Federal agents are expanding their investigation into a horrific dive boat fire that claimed 34 lives off the coast of California on Labor Day.
According to the Los Angeles Times, agents with the Federal Bureau of Investigation, the Bureau of Alcohol, Tobacco, Firearms and Explosives and the U.S. Coast Guard served warrants at the corporate headquarters of Truth Aquatics, Inc.–the company owned and operated by Glen and Dana Fritzler.
Federal agents swarmed the company’s headquarters in search of training, safety and maintenance records just days after the operators of the ill-fated Conception filed a preemptive lawsuit in Los Angeles federal court asserting they bore no responsibility for the turn of events that led to the fire and catastrophic loss of life.
The Los Angeles Times notes that agents also searched two additional boats belonging to the Fritzlers’ Truth Aquatics company–a business focused on offering water-based trips and scuba diving excursions–including a ship similar to the Conception.
Santa Barbara County Lieutenant Eric Raney told the outlet that investigators took several photographs and seized multiple boxes of evidence during the search. No arrests occurred.
According to anonymous law enforcement sources cited by the outlet, a preliminary investigation into the blaze suggests the doomed ship was plagued by “serious safety deficiencies.”
Chief among those alleged lacking precautions was the absence of a “roaming night watchman”–a sort of all-purpose security guard required to be awake throughout the night in order to alert passengers and crew in the event of danger, such as a fire.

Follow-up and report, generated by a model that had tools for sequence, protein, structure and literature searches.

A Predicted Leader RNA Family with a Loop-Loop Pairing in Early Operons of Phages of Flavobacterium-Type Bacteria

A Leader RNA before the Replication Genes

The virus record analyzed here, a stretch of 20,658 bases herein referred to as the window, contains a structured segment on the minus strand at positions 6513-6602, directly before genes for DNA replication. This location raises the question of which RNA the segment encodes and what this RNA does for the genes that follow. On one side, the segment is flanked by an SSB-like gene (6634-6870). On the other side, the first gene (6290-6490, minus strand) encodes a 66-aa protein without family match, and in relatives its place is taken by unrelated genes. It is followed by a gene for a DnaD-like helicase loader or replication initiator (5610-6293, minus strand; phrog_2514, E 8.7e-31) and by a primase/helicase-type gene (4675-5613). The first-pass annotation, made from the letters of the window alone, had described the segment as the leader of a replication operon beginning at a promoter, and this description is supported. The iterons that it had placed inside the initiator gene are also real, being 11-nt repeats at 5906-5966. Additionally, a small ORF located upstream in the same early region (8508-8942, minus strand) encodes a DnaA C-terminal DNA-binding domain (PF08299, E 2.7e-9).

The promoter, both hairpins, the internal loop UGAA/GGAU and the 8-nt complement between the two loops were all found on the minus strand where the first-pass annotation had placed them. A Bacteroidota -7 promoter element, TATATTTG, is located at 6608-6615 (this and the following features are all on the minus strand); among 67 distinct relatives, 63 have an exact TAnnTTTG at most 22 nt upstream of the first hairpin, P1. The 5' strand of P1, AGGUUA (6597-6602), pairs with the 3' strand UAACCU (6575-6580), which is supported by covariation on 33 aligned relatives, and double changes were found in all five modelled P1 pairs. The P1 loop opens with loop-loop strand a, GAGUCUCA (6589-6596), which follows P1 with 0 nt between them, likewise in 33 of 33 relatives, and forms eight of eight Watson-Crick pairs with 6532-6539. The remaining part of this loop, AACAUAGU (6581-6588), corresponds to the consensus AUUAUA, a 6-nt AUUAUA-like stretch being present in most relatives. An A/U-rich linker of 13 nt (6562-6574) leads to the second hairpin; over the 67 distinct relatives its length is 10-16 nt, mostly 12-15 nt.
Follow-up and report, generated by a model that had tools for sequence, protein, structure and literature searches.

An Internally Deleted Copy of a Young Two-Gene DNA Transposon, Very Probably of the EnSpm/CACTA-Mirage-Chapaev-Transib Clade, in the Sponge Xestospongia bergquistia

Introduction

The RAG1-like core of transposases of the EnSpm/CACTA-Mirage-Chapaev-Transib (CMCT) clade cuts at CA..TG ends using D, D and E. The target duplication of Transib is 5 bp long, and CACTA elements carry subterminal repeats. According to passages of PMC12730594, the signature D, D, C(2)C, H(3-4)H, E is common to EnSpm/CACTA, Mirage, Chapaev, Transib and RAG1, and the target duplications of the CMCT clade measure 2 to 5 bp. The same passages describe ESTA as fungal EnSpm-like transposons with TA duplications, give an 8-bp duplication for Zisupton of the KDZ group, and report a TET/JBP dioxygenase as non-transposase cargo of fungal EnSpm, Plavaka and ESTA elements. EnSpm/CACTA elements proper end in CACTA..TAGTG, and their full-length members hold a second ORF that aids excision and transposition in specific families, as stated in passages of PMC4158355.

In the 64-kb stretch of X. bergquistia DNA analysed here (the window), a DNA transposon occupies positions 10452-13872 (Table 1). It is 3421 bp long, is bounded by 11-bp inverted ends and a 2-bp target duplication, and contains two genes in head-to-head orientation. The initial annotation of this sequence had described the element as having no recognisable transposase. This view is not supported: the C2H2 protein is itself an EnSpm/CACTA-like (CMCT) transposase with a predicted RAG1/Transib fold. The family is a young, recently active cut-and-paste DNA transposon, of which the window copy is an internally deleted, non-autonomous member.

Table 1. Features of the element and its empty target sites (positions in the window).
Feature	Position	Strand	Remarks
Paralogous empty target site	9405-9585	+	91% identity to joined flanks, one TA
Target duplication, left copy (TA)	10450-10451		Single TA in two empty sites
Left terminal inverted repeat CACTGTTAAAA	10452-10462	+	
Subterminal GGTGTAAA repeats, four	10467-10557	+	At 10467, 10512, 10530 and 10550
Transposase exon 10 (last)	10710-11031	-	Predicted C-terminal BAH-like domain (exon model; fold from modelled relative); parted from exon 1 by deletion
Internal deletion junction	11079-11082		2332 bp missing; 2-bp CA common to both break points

Investigators reportedly said their work showed the Conception’s crew had likely not received adequate safety training. Additionally, those sources said, it appeared the ship’s passengers had not received a complete safety briefing upon boarding the ship.
The LA Times also noted that those sources, who appeared to be leaning toward laying at least some degree of fault at Truth Aquatics’ and the Fritzlers’ feet, were not permitted to speak on the record–and stressed that the investigation had not yet settled on whether a crime had been committed.
According to Raney, the evidentiary dragnet was “par for the course. You can only do so much with your basic investigative efforts, and at some point you have to use a search warrant as the means to collect information.”
A criminal case against the Fritzlers could, however, be on the horizon.
Last year, federal prosecutors in Missouri indicted a duck boat operator with multiple counts of Misconduct or Neglect of Ship Officers–a form of criminal negligence commonly referred to as “seaman’s manslaughter”–over the drowning deaths of 17 individuals last summer.
After the fire, Glen Fritzler posted the following message on the Truth Aquatics Facebook page:
We have not yet made a public statement because we have been working tirelessly with the [National Transportation Safety Board (NTSB)] to find answers. As a member of the NTSB task force committee, we are prevented from commenting on details of this active investigation. We are committed to finding accurate answers as quickly as possible.
“Yet, we can speak to our emotions,” the non-official statement continued, “We are utterly crushed. We are devastated. We are a small, family-run business that has taken this event entirely to heart. Our customers are like family to us, many returning for decades. Our crew is family.”
[Image via Mario Tama/Getty Images]
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